Having zero experience in economics didn't stop Daniel Kahneman from receiving a Nobel Prize in the field. Kahneman, an Israeli-American psychologist and academic, is best known for his work in integrating insights from psychological research into economic science. Previously, economists assumed that people are for the most part rational decision-makers who act in support of their self-interest. Kahneman’s groundbreaking research suggested otherwise. His first book, Thinking, Fast and Slow, became a best seller by setting out his revolutionary ideas about human error and bias. Currently, Kahneman is a senior scholar and faculty member emeritus at Princeton University, having already served in important positions at various other institutions, including the University of California and the University of British Columbia. He is also a fellow at Hebrew University and a Gallup Senior Scientist. In addition to his 2002 Nobel Prize, Kahneman received the highly-esteemed and prestigious Presidential Medal of Freedom from Barack Obama in 2013.
By the time Kahneman arrived on Berkeley’s campus for PhD work in 1958, he'd already accomplished a lot. After receiving his bachelor's in psychology from the Hebrew University in Jerusalem, he served in the psychology branch of the Israeli Defense Forces. At Berkeley, he was an eclectic student whose curiosity was endless. In addition to psychology courses on subjects like subliminal perception and personality tests, he also went to Berkeley's philosophy department to learn about Wittgenstein and the philosophy of science, among other esoteric topics. But all of the classes he took contributed to improving and informing his studies in psychology. In the spring of 1961, under the mentorship of Susan Ervin, he wrote his dissertation on a statistical and experimental analysis of the relations between adjectives in the semantic differential. That same year, Berkeley awarded him a PhD in psychology.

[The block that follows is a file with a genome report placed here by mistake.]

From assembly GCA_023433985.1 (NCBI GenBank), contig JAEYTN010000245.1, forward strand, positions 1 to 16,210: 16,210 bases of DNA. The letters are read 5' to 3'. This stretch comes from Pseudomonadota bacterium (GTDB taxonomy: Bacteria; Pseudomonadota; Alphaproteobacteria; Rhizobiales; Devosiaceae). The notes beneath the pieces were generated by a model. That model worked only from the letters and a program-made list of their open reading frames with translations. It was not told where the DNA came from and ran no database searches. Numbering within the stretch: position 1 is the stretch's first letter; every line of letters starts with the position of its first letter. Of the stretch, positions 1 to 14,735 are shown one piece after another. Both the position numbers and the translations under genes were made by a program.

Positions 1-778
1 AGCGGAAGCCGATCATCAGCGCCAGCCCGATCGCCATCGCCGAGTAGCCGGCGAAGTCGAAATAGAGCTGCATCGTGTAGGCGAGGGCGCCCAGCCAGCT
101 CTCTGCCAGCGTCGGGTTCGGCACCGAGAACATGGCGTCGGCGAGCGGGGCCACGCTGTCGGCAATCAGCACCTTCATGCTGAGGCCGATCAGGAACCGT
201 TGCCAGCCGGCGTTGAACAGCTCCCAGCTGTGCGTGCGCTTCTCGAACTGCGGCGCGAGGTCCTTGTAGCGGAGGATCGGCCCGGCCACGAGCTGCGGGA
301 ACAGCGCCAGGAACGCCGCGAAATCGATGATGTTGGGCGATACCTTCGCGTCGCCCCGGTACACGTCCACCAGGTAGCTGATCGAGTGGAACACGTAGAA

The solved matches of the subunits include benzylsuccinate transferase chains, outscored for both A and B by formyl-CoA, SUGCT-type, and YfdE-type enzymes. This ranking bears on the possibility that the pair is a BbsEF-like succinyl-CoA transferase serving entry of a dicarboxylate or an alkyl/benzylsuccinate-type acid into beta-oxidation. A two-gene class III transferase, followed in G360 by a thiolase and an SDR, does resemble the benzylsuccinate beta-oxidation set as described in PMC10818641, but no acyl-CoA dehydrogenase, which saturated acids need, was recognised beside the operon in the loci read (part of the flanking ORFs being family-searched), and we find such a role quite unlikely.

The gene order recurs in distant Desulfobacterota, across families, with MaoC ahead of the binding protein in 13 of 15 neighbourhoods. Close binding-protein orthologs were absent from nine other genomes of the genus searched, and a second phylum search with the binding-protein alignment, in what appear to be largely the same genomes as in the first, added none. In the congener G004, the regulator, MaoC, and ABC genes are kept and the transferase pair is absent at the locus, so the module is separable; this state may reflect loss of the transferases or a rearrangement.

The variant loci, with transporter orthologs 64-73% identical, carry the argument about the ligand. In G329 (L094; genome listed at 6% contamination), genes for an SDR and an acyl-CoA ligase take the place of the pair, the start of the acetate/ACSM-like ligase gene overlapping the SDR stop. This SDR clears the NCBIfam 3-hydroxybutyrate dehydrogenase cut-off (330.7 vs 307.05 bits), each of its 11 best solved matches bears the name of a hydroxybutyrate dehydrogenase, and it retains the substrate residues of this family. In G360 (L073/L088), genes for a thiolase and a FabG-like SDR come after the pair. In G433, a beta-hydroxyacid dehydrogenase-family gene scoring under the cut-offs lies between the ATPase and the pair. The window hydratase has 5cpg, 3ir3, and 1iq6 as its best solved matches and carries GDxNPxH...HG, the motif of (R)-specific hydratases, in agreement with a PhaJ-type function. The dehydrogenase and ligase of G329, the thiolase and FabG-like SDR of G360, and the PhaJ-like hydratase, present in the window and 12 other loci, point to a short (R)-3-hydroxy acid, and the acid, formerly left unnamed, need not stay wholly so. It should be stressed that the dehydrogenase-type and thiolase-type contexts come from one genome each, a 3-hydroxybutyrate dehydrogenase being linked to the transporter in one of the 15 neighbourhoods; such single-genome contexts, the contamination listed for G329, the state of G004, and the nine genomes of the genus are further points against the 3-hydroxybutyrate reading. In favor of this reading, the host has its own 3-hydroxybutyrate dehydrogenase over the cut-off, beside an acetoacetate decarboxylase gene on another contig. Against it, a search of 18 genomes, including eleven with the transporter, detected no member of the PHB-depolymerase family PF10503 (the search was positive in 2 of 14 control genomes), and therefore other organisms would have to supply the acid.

Kahneman, who taught at his alma mater from 1986-1993, has had more than a casual connection to Berkeley since leaving. Fond of making campus visits, in August 2002, just months before receiving his Nobel Prize, he was a feature guest at Berkeley’s Sage Summer Institute on Behavioral Economics. Five years later, he returned again for an interview with Harry Kreisler, host of Berkeley’s Conversations with History, where Kahneman described how he came to study the problem of “bounded rationality." Furthermore, Kahneman had some advice for students wanting to follow in his legendary footsteps. "You need some ideas that work and that keep you excited and that you can do something with. And so, not getting stuck on an idea that doesn't work, but looking for other ideas—that would be my general advice."